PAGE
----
As I have chronicled previously in these pages, there is something ‘special’ about Rennes-le-Château.
I didn’t know that Henry Lincoln had written about the geometry of the landscape. So, imagine my surprise when I came across this book in a local thrift shop!
In it, he goes through the process of finding a natural pentagram in the land around Rennes-le-Château, formed by the mountain peaks. And then, other alignments present themselves.
When I looked at this previously, there was a presumption that “X” marks the spot of the “Tomb of God”. but now the ‘treasure’ has taken on a more monumental, etheric nature. The whole area is a gigantic Temple.
The Mapping of the Pentagrams
I won’t go into the intricacies of this mapping, but suffice it to say that the implications are huge. And at the centre of all of this is a symbol of the Divine Goddess.
Lincoln himself admits to a lack of true understanding of what this could mean:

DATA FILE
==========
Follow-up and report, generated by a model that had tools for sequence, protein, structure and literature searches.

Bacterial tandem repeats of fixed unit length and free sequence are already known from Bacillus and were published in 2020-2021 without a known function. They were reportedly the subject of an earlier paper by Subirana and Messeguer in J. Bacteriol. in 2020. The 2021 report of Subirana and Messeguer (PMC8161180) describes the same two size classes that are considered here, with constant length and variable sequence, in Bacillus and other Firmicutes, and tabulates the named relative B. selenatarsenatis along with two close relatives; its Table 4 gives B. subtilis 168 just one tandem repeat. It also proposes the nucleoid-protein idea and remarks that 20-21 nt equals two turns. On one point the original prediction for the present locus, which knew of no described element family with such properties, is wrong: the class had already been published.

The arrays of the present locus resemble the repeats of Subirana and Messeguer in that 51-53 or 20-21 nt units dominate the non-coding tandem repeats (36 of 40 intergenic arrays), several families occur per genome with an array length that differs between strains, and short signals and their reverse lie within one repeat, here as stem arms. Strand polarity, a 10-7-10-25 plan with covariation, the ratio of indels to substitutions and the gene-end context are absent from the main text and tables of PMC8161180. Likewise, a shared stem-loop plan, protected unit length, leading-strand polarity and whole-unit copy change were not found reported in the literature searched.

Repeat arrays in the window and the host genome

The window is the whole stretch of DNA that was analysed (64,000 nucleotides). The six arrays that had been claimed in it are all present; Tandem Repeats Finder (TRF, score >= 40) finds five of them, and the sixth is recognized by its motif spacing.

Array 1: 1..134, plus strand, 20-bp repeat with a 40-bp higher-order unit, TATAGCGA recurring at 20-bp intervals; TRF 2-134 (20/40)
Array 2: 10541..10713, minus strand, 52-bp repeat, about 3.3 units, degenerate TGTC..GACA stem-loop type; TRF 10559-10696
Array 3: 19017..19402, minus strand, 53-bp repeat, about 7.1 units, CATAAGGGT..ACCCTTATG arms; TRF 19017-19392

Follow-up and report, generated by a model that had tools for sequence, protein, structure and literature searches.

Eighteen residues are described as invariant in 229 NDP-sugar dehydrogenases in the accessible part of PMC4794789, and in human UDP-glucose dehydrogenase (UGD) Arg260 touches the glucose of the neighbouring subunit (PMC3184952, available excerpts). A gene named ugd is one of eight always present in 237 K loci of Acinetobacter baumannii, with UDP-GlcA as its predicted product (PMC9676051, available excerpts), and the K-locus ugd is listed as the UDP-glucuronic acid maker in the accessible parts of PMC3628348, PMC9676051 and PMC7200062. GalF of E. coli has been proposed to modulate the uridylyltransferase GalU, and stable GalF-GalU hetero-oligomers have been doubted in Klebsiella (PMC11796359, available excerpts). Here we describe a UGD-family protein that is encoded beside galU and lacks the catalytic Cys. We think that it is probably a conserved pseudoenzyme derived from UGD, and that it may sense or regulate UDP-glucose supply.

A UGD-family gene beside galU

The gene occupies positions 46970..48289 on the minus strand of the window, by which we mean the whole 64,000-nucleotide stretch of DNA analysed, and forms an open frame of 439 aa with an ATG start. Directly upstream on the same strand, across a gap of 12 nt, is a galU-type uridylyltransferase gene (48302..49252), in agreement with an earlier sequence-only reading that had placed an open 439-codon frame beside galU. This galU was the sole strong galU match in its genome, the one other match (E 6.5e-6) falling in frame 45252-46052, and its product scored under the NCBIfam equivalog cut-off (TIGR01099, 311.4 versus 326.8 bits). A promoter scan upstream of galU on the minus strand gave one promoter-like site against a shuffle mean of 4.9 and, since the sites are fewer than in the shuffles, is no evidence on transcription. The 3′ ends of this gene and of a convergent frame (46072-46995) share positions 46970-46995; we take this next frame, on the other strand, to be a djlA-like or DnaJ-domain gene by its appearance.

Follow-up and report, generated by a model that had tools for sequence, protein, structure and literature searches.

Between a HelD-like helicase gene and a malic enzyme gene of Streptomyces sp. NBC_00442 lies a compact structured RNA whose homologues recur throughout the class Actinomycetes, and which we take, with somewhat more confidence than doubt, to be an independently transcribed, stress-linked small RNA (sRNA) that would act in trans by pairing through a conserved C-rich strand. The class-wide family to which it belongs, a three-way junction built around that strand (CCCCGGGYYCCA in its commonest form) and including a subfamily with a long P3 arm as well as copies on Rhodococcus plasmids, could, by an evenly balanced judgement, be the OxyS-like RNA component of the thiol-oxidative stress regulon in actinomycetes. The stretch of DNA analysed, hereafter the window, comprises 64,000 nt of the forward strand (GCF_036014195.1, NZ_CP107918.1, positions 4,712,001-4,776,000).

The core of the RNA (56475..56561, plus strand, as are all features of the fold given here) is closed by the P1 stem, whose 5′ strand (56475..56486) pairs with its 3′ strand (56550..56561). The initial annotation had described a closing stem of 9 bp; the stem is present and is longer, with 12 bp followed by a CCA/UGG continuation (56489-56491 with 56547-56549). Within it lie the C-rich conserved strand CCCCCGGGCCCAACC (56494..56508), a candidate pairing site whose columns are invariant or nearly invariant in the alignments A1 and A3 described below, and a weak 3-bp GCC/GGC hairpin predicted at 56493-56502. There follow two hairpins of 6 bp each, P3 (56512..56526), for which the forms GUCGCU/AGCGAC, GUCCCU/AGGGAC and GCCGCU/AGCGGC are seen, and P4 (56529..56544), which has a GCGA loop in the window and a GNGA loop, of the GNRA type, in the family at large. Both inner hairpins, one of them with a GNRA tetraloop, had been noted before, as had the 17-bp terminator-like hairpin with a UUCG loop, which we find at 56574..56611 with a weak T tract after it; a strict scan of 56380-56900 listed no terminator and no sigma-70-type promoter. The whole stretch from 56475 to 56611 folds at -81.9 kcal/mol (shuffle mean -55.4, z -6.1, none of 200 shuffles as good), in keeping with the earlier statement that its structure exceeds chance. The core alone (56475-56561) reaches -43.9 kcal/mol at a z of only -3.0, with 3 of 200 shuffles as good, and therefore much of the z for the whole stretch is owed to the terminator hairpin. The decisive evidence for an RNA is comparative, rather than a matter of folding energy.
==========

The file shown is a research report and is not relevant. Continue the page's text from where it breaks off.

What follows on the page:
“Rennes-le-Château came to the notice of the world because it was the centre of a mystery. Whispers of buried treasure, hints of heresy, suggestions of strange occult rites and of secret societies, even flying saucers have been suggested as the ‘truth’ behind that mystery. This book does not claim to have solved the riddle. Rather am I aware that I have simply dragged into the light of reason why the centre of all this mystification is Rennes-le-Château and not some other location upon the face of the earth.
“And yet still a mystery remains. Over the centuries, countless people must have been aware of the truth of the discovery which I have made. The devisers of the Paris Meridian, the painter Poussin, the priests Bigou, Boudet and Saunière — and how many others? In one way or another they felt the need, like the Barber of Midas, to pass on their secret knowledge, and they did so cryptically. They spoke in riddles because they seemed to be gripped by some mysterious constraint. Why? It is a resonant question and one which I cannot answer. I certainly feel no such constraint. Nor can I see any reason to conceal such a discovery. It may be, though, that my willingness to reveal it owes less to my knowledge of the discovery than it does to my ignorance of its implications for my predecessors.
“I am aware of no necessity to speak in riddles as they have done. But in that necessity may lie the greatest mystery of all.“
We love a good mystery. We love researching to uncover the Truth. But what if we have no clue as to why there should even be a mystery in the first place?
I suspect that the Truth is stranger than fiction.